Forget about all the real, meaningful analysis. We’ve got some postseason factoids that will help you figure out who will win the Fall Classic. (Maybe.)
Every Friday, I’m compiling a list of five things that meet one criterion. “What is that criterion,” you ask? Well, it’s going to change every week and you’re just going to have to try and keep up.
Five Facts to Keep in Mind During the Baseball Playoffs
Want to know who’s going to win the World Series this year? Yeah? Well, so do I.
If you thought this was going to be a genius breakdown of all potential match-ups and statistical analysis that would lead to a scientifically proven “sure thing”… sorry to disappoint – I am criminally under-qualified to even pretend to do something like that.
So where does that leave us? I don’t know, I thought we could look at some weird “did you know?”-type facts about the postseason of America’s pastime. There are relatively insignificant hallmarks hidden inside the last twenty years of championship baseball and I think learning about them could lead to you impressing friends and/or winning some bets.
5. Neighbors Rarely Meet
The odds that two teams from the same city will meet in the World Series are extremely slim (granted, there’s only a handful of possible cross-town championship match-ups to begin with, anyway so… whatever).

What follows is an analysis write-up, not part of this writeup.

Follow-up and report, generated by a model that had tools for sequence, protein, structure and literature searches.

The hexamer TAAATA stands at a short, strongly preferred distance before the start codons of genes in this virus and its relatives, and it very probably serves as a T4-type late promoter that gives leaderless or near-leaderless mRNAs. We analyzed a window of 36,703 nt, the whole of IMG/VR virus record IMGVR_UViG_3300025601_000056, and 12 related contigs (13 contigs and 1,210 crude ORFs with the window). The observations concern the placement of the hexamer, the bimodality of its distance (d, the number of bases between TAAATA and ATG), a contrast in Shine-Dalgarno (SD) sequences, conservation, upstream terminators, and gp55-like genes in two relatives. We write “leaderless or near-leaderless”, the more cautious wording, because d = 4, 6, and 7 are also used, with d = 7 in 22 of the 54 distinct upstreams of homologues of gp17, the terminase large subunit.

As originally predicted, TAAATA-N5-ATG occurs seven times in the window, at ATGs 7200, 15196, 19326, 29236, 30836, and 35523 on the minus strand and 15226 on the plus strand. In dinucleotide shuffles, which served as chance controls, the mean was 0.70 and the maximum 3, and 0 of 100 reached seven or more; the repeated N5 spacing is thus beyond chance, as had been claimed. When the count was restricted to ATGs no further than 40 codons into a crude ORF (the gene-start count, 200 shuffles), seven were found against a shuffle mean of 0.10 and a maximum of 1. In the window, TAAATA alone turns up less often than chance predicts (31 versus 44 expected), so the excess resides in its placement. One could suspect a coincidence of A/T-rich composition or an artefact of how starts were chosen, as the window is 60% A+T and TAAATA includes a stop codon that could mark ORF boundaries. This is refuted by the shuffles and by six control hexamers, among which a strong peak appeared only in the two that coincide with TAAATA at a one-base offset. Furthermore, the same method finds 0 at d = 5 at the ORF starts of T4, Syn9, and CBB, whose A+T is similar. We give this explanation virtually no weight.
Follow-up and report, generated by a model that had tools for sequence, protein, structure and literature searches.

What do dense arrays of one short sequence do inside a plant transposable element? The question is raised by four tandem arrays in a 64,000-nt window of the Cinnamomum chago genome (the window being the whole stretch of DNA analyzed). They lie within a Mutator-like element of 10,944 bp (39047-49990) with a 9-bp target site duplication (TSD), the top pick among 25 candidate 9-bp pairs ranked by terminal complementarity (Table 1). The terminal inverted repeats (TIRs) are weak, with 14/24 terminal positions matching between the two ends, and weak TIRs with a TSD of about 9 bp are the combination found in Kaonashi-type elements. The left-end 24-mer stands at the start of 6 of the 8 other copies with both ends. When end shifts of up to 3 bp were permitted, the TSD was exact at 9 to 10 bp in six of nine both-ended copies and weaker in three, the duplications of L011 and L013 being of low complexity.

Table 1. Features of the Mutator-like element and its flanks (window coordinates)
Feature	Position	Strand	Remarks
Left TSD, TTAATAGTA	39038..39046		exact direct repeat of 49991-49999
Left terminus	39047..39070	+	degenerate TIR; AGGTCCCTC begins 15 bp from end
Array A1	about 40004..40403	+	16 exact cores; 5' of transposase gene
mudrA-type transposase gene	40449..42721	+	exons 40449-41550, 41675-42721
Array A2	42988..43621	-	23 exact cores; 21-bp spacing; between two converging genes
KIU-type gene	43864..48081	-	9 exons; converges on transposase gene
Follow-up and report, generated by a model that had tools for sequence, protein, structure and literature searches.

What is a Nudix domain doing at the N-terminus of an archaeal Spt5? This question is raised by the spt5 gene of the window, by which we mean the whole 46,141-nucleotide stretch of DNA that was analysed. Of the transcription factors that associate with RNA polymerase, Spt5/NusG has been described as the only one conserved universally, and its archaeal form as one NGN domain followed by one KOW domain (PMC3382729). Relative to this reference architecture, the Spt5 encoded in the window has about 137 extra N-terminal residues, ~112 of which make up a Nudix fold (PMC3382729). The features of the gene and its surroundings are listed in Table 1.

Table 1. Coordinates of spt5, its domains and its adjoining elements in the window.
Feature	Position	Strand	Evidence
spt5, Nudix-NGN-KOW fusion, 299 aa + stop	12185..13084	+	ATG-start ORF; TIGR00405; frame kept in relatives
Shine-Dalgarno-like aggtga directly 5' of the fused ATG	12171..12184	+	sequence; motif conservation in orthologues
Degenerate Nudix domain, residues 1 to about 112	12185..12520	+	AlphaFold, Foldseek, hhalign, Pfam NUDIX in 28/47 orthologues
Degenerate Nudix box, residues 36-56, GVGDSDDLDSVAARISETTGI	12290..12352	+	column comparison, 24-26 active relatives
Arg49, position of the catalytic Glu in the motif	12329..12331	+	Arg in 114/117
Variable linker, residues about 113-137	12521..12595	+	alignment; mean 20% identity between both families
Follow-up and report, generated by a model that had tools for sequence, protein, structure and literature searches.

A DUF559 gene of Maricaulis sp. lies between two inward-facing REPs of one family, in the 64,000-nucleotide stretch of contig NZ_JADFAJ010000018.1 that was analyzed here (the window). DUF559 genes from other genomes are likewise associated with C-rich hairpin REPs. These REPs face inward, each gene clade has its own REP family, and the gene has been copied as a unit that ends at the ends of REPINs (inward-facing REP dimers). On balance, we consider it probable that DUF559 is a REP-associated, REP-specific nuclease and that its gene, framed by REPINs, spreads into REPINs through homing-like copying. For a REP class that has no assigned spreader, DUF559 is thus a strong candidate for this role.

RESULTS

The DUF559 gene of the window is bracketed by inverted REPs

Aside from a few really old “it was only white people playing, back then” examples (Cubs vs. White Sox in 1906, Cardinals vs. Browns in 1944) and all of those New York Yankees vs. New York Giants/Brooklyn Dodgers series that happened during the Eisenhower Era, a World Series that involved a pair of baseball next-door neighbors has only occurred a pair of times (and one of these only slightly counts):
- San Francisco Giants vs. Oakland A’s (1989)
- New York Yankees vs. New York Mets (2000)
So… yeah, don’t bet on that whole “Angels-Dodgers” Hollywood Series thing panning out. One of them is probably going down before Halloween.
4. Pay to Play (but not too much)
Of the last twenty World Series champions, only three did not have team payrolls that ranked in the top half of the league. Exceptions where not-keeping up with the Joneses paid off: the 2003 Florida Marlins had the 25th-largest payroll, the 1991 Minnesota Twins ranked 16th in dollars spent, and the 1990 Cincinnati Reds defeated the Oakland A’s with only the 20th-largest payroll.
Conversely, the team with the largest payroll in the league has only won the title four times over the same two-decade span (1993 Blue Jays, 1996 Yankees, 1999 Yankees, 2000 Yankees). So, in order for a team to have a legitimate shot at a ring, they need to spend a fair amount of money but not the MOST money.